But, that gets me thinking, what do you think we would see first, a non-white male president, or a female president (presumably white)?

  • Shawn

    Might as well toss Jewish president in there, too.
    That’s a very good question, Sarah. If I had to bet, I would place my money on a non-white male president. I come this conclusion because I think Colin Powell was capable of winning the presidency and Obama, I feel, has a very good shot.
    The situation the Dems are in heading into the 2008 election is, in my opinion, where the Reps were heading into 2000. They have a rising star candidate while the Republicans’ list of potential candidates is growing old and stale. Now, the question is, can the country overcome racial lines and vote for a non-white male?

  • Amanda

    I just want to know how it is that 1 in 5 people eliminate the possibility of voting for a woman outright. How do they explain this to themselves? Even some of the appalling sexists that were trolling this blog would be hard-pressed to say that they wouldn’t vote for a woman at all. I mean, they probably wouldn’t, but I doubt they’d admit it outright.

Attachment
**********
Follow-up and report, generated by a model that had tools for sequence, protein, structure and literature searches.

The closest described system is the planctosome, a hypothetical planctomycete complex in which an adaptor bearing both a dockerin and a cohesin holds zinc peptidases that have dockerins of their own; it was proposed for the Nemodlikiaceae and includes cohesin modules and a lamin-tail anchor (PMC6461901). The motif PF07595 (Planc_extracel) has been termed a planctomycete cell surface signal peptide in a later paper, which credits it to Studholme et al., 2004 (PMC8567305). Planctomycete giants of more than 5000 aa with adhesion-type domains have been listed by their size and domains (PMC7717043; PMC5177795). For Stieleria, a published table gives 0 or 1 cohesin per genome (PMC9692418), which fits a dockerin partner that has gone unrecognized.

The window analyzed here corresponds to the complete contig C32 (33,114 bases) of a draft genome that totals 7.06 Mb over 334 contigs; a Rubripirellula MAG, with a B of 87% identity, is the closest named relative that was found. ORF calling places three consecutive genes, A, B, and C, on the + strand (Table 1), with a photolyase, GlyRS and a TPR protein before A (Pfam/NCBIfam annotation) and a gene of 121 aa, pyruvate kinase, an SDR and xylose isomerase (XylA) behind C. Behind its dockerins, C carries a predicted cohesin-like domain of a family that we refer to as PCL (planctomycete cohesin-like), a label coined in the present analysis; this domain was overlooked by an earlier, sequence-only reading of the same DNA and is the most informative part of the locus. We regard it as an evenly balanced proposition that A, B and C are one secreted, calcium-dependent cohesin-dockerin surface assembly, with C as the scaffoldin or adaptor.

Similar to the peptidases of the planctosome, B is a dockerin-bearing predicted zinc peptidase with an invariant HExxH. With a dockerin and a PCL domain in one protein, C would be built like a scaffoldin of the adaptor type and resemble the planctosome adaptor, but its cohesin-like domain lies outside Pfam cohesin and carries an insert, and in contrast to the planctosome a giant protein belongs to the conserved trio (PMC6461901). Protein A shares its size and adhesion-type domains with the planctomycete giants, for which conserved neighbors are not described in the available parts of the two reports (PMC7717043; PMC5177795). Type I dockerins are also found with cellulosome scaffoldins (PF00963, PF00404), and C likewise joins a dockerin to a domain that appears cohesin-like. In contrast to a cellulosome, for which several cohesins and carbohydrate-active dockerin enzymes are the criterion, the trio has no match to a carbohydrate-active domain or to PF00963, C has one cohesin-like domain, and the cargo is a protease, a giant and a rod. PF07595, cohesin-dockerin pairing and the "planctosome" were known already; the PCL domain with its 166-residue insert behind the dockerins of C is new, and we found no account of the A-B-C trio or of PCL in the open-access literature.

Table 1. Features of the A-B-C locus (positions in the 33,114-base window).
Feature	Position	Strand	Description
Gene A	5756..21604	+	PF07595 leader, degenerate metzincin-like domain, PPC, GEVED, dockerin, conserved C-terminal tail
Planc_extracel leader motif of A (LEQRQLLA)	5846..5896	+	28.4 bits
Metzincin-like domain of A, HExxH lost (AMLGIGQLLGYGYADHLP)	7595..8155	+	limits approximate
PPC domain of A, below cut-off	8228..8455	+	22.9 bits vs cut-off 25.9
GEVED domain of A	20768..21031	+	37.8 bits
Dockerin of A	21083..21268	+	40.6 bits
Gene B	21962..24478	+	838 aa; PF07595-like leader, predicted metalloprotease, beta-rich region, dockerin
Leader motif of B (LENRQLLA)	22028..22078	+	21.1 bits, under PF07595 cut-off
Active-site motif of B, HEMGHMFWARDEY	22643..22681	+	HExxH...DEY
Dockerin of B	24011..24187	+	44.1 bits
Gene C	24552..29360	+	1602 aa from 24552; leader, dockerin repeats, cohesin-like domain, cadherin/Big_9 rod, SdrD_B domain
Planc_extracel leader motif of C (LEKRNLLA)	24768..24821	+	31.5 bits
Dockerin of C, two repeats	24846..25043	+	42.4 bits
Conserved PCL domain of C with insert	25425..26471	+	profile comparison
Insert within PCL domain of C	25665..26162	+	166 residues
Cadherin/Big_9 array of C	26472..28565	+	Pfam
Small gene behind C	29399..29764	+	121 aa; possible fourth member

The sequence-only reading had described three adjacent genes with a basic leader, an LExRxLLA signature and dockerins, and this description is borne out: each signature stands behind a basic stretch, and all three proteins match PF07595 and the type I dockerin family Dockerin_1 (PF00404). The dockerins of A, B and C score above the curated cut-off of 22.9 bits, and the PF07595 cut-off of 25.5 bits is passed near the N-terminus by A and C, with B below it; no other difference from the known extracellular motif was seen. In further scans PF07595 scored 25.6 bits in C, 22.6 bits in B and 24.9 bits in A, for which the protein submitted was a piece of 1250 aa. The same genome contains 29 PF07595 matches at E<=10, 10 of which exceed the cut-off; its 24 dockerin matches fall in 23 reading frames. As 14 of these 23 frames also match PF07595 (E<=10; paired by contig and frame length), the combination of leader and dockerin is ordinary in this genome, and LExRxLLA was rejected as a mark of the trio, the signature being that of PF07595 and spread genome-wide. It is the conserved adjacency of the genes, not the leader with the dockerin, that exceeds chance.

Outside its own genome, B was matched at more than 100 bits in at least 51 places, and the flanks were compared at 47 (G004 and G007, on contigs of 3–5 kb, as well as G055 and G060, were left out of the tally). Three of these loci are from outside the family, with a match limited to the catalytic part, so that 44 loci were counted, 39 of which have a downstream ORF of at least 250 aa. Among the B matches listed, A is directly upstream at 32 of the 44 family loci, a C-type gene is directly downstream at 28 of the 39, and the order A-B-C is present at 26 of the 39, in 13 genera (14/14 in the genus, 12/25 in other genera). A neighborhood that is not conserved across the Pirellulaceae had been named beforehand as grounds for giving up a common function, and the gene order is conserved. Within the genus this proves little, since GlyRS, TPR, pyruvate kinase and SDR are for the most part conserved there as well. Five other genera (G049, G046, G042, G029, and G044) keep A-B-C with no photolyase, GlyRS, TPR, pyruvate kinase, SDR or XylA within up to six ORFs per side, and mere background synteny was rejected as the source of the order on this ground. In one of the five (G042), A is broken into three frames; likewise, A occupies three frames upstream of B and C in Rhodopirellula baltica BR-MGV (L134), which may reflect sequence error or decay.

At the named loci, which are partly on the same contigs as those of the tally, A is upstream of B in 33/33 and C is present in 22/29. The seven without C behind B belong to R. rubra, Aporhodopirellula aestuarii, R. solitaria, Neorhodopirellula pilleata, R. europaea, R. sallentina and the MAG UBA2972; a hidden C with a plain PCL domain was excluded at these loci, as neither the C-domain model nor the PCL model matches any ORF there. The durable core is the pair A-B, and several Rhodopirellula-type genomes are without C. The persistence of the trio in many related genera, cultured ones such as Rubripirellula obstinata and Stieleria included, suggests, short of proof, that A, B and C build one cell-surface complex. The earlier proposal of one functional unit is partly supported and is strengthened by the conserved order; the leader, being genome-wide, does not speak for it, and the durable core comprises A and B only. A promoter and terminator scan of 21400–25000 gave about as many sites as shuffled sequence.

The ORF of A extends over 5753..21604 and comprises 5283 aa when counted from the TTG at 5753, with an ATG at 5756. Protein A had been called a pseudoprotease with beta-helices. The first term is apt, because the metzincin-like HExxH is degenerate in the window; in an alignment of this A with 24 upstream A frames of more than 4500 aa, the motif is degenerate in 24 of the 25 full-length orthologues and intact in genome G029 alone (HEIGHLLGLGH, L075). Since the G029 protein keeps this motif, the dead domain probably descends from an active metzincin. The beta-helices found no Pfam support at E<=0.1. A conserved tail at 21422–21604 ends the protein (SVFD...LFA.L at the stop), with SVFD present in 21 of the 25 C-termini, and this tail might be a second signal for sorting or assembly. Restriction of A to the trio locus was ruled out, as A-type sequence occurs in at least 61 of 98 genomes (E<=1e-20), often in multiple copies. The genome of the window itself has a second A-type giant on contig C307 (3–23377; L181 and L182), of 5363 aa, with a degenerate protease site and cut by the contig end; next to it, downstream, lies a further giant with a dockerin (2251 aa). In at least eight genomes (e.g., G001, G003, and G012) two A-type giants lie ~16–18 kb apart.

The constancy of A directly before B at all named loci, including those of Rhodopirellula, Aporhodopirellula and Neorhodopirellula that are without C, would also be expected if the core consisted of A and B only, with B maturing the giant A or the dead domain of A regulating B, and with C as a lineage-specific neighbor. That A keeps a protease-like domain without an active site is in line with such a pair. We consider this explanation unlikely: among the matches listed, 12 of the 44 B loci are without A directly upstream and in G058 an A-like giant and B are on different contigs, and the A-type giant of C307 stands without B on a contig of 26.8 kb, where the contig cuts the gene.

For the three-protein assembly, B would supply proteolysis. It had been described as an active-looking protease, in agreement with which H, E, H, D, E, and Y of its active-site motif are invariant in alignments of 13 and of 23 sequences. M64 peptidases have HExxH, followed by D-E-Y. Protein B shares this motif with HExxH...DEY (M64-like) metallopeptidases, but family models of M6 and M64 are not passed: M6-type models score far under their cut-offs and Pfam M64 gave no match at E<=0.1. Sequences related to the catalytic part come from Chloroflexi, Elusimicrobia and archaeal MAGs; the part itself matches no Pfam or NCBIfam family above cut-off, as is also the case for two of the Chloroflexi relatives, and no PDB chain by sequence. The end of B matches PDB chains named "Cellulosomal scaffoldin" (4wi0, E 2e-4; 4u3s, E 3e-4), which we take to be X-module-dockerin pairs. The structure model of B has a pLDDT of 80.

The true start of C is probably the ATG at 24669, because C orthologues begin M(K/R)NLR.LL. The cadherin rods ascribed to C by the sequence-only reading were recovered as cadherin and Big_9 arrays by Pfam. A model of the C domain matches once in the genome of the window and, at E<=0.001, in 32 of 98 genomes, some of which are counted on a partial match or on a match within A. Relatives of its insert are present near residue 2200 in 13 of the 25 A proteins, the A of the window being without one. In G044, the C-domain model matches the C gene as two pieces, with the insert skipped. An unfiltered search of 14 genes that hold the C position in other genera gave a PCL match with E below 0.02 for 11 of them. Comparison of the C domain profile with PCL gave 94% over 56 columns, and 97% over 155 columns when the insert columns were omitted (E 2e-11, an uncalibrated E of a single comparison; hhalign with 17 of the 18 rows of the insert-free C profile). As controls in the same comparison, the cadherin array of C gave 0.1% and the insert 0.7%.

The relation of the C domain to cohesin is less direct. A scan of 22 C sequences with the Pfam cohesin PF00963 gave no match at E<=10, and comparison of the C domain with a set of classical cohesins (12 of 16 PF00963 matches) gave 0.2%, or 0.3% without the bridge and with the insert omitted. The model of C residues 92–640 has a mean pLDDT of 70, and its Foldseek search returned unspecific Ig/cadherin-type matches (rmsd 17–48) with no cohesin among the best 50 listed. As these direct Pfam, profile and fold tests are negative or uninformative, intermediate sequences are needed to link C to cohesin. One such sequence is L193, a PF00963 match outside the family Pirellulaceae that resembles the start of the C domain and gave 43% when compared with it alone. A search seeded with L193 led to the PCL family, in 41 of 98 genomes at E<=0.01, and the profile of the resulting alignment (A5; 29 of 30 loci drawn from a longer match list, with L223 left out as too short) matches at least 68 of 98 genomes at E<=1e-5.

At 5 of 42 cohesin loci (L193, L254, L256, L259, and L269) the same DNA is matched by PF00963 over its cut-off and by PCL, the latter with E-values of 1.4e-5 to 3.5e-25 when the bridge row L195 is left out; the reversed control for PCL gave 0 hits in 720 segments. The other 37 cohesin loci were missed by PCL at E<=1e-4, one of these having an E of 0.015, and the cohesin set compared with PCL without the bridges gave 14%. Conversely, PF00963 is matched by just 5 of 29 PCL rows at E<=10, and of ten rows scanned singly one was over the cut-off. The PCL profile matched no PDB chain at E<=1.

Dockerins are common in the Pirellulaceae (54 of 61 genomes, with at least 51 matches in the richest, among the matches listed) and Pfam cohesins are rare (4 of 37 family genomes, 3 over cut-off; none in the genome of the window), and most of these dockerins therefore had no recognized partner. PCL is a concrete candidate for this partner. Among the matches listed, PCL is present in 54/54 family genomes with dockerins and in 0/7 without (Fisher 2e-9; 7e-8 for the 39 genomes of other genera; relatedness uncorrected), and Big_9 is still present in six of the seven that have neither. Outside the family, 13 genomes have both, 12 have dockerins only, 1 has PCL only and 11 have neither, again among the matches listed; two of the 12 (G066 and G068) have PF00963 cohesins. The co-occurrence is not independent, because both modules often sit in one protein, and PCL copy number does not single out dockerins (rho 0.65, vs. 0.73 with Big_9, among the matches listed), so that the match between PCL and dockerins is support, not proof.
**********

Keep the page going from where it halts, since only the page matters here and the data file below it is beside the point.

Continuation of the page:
• Shawn

    Even me, an evil troll (I’m not sexist), would vote for a woman if she reflected my values or I considered her to be the best candidate.
    Keep in mind, though, that’s 1-in-5 people, not just men. I think you would be surprised by the number of women that would automatically rule out voting for a woman.
    Just out of curiosity, what is the feminist opinion of Condi Rice? Like her? Dislike her? Why?

  • Thomas

    I dislike Condi, but for reasons that have nothing to do with sex:
    — Condi’s view of her NSA role was to execute the President’s directives and coordinate the information he thought he needed. She seemed to think that it was not her job to affirmatively get information she wanted and make the President pay attention to it. That’s the wrong view of the job, IMO.
    — I think the recent Clarke docs back his story, which she directly contradicted under oath.
    — I think her explanation that the 8/6 PDB was not a warning was farcical, and an insult to all our intelligence.
    — Finally, she is one of Bush’s oldest and closest advisors, and I credit her with his view of foreign policy.
    (I don’t want to debate foreign policy here, because it would hijack the discussion.)
    So, as a feminist, how do I deal with women in powerful positions that I don’t like or don’t agree with?
    Easy. I’m really happy that both parties have found a woman qualified to be Secretary of State. It shows progress in what this nation’s political populace believe women can do. It helps get that one-in-five Amanda mentioned down. But I call ‘em like I see ‘em. If I disagree with what they do, I say so.